You give freely, then, but why? Results? Why care about making the world better? In what value tradition are you rooted, or are your ethics more like brand preferences, a consumer choice, a market whim? Or is giving more like a marketing deal, a way to market a product or a practice, without any felt sense of obligation to something larger than oneself, and client service?

I do think we need a different kind of literacy to do philanthropy well. That literacy comes from the liberal arts, and from ethical and religious traditions. Now, by Golly, I have a big stick to beat my opinion into the dullards.

I do agree, though, that testing fairly for cultural literacy with an objective test is very hard. Hence the temptation to stick to the Tax Facts.

Anyway, thanks for the comment, Sean. Hope you had a good Thanksgiving and passed the gravy not because you must, but because you felt like it. If you ever feel like hogging the whole gravy boat, you may, at my table. I have learned that is how many a guest does act. It is a free country, their habits and mores are as good as mine. Who am I to judge. They were raised differently, in a pigstye.

Michael Moody

Sorry to come late to this discussion. But as you know, Phil, this is one close to my heart, as I am shamelessly and publicly in favor of more liberal arts education in philanthropy (even as I leave this profession myself). Your course therefore looks wonderful to me.

I'm wondering if you are using MC tests because that is easier or expected in the program, or if you prefer those as ways of evaluating students? I ask mainly out of curiosity, knowing that you will have thought about this choice a lot, not with an axe to grind for/against tests in your course. Although I will admit to being shamelessly and publicly (and with full throat) in favor of requiring more writing of students at every level, to the extent we can. I would have pegged you for a good old fashioned defender of the lost art of rhetoric, as well.

P.S. I'm staying away from the whole Ayn Rand vs. religious obligation question, except to say there IS a middle ground in thinking about philanthropy (and obligation) in terms of cultural tradition (which is ethical, and concerned with values and so on, but not always/necessarily religious). But wait.. I'm staying away from that discussion...

Phil Cubeta

The business model for the college requires selling a fair number of course enrollments. Right now there are about 300 in the CAP course. That is already quite a few to grade. So the objective testing is a necessary design requirement, but not what I would prefer. I am trying to write the courses around a series of Socratic questions, leading the adult learner through the issues, and seeking practical real world applications. Then in the summary of each section, I try to do my own synthesis, as a "model" for what it is worth, and as the basis for the objective test. Not ideal, better to have the whole course run as discussion online or otherwise and to have the test be a project or essay, or business plan. Still, if the College goes along with the Socratic workbook for the course, it seems to work well enough in provoking thought rather than pre-empting it. We also go on webquests where the learner gets thrown into contemporary controversies, like the one you mention about whether selfishness is a moral virtue, and whether moralities are in essence brand choices to be honored as such, much as we speak of the blind as differentially abled. I agree that it is rude to tell a blind person that colors exist. Likewise to tell a libertarian that virtue or taste exists and eludes him is very rude.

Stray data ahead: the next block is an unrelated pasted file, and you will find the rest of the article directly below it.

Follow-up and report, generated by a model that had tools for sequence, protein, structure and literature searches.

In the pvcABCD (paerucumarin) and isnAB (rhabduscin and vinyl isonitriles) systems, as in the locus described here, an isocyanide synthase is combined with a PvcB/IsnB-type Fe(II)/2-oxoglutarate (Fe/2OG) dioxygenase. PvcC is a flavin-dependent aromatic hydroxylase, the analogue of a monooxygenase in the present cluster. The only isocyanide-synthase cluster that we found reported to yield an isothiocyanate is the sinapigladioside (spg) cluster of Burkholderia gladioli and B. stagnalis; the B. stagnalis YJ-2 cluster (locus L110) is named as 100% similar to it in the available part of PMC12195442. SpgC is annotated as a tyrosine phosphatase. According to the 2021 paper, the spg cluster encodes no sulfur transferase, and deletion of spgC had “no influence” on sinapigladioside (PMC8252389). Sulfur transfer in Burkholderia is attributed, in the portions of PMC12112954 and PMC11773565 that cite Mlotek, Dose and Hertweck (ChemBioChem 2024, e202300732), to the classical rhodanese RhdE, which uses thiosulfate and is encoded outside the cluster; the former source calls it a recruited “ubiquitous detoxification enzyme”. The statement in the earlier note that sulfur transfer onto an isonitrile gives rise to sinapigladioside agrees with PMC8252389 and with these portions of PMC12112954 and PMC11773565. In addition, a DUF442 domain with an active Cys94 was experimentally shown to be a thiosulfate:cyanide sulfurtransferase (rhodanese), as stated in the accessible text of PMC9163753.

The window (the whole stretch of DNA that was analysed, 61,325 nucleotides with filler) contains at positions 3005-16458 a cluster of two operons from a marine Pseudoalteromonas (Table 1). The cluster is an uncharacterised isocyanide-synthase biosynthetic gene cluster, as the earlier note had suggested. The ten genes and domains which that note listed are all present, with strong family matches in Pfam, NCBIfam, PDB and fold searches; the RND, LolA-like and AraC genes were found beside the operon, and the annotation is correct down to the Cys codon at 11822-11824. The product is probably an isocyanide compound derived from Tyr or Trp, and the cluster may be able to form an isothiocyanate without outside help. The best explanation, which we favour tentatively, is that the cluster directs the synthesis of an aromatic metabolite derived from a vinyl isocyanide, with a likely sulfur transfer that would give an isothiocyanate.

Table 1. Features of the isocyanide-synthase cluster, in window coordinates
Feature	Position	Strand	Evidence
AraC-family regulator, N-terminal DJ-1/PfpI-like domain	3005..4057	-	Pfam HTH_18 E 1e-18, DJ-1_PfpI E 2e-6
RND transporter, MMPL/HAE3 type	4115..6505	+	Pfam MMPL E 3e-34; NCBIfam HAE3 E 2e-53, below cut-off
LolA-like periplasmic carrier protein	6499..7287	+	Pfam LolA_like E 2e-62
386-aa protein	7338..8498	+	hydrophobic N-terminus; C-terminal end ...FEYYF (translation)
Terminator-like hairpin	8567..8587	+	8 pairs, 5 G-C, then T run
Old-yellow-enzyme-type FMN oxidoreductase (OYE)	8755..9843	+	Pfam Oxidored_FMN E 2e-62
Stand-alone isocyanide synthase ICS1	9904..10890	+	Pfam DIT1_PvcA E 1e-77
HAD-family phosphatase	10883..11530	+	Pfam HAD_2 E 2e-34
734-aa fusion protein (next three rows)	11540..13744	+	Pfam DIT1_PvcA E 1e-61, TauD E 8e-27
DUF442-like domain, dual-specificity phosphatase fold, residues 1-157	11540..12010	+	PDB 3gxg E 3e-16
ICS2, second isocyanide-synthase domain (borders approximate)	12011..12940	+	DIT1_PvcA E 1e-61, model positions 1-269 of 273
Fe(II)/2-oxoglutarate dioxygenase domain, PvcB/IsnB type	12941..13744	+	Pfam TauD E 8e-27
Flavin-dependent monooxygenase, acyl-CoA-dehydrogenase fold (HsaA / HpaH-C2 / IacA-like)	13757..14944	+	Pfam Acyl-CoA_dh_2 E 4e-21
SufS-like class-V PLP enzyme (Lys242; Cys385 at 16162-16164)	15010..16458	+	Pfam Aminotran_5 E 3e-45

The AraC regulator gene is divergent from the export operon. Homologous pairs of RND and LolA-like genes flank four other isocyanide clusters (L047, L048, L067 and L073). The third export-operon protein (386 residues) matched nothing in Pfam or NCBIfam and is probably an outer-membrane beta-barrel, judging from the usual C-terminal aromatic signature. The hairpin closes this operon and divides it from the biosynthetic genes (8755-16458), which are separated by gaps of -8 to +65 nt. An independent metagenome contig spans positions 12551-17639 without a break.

When Joseph Brodsky heard from a group of American undergrads that they had not read Ovid, he said, "You have been cheated."

Just as children who get no vitamin growing up get rickets and are stunted and deformed, so in a society devoid of poetry, we grow our philanthropists with bowlegs. And since they are wealthy we praise the bowlegs and honor them as a cultural difference well worth preserving and passing on their children.

Go far enough in this direction and what you get is Alan Greespan and the crash of the economy. Bad philosophy and bad art ultimately translate into the decay of the body politic. Had he had better teachers, he might have outgrown his Ayn Rand views before he did so much harm to so many.

And what do you mean about leaving the field? I certainly hope you are going somewhere you can put your talents and leadership skills to good use.